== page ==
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Rembrandt van Rijn
Self-Portrait with Cap Pulled Forward
Around 1630

Self-Portrait with Cap Pulled Forward is a fine example of Rembrandt’s lifelong interest in depicting his own likeness and in exploring the peculiarities of the human face. Over the course of his career, Rembrandt produced approximately 80 self-portraits, and while many of these are informal in nature, they reveal the artist’s acute observation and his tremendous ability of capturing fleeting emotions. In Self-Portrait with Cap Pulled Forward a man with a bulbous nose wearing a heavy cap gazes into the distance. Emphasis is directly placed on conveying the individual’s facial expression; accordingly, one cannot see the figure’s arms or hands. Light penetrates the image from the right, casting a shadow across certain parts of his body. Hatching of different densities leads to contrasts between dark and light passages. Subtle highlights demonstrate the artist’s incredible command of the etched medium, including the expressive lines that describe his hair. A rare print of diminutive size, Self-Portrait with Cap Pulled Forward served the artist to refine his portrait skills before he launched his career in Amsterdam.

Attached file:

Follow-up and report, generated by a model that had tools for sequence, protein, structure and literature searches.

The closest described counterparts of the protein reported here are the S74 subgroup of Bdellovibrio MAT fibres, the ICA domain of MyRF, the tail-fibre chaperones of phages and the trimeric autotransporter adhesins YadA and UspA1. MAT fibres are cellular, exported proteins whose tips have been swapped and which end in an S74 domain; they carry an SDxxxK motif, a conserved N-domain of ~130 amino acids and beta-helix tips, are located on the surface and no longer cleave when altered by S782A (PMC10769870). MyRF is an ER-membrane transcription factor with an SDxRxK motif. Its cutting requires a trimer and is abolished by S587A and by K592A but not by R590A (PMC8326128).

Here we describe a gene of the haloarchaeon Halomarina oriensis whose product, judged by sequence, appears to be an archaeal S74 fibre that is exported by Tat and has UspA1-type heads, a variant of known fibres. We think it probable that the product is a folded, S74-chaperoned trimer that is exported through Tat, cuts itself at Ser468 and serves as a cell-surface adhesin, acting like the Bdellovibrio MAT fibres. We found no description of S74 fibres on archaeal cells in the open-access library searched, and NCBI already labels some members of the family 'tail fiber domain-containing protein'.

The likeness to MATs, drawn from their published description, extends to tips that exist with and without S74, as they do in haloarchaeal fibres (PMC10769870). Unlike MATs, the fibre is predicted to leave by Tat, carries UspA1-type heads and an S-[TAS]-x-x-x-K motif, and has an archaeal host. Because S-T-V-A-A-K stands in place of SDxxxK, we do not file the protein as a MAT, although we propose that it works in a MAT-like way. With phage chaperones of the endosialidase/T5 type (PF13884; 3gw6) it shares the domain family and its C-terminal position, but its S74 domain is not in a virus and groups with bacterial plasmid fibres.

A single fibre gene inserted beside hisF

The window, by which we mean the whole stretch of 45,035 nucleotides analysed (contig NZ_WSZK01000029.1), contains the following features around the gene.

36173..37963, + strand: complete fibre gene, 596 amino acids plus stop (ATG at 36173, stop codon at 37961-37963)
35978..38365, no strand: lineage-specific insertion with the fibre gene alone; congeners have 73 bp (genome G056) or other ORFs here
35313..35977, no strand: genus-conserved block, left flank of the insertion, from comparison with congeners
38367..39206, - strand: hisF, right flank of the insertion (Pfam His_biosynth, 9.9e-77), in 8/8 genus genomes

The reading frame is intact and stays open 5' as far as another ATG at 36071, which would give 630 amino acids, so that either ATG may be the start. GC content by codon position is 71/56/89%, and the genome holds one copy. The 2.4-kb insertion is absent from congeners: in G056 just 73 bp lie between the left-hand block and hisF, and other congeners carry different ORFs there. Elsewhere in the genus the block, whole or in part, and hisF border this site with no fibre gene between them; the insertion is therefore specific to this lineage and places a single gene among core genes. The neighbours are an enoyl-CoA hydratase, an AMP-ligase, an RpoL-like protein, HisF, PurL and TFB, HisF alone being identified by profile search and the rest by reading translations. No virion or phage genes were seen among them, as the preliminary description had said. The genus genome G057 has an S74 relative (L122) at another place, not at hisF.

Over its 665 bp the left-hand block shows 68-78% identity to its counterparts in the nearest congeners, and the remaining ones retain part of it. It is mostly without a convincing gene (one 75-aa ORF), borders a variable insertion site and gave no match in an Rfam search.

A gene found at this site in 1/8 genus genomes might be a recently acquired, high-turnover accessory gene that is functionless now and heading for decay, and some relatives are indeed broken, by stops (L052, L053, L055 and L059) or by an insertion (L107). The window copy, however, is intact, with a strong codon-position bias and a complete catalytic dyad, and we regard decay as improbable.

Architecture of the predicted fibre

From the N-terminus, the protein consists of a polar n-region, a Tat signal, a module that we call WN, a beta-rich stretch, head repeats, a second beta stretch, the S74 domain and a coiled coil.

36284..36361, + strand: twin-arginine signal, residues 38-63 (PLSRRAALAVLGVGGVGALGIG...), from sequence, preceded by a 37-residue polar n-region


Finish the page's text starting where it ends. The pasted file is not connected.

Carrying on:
Rembrandt van Rijn
Leiden, Netherlands 1606–Amsterdam, Netherlands 1669
Self-Portrait with Cap Pulled Forward
Around 1630
Etching on paper, state V/VI
5.1 x 4.2 cm
Gift of Freda and Irwin Browns, 2020
63-011.05

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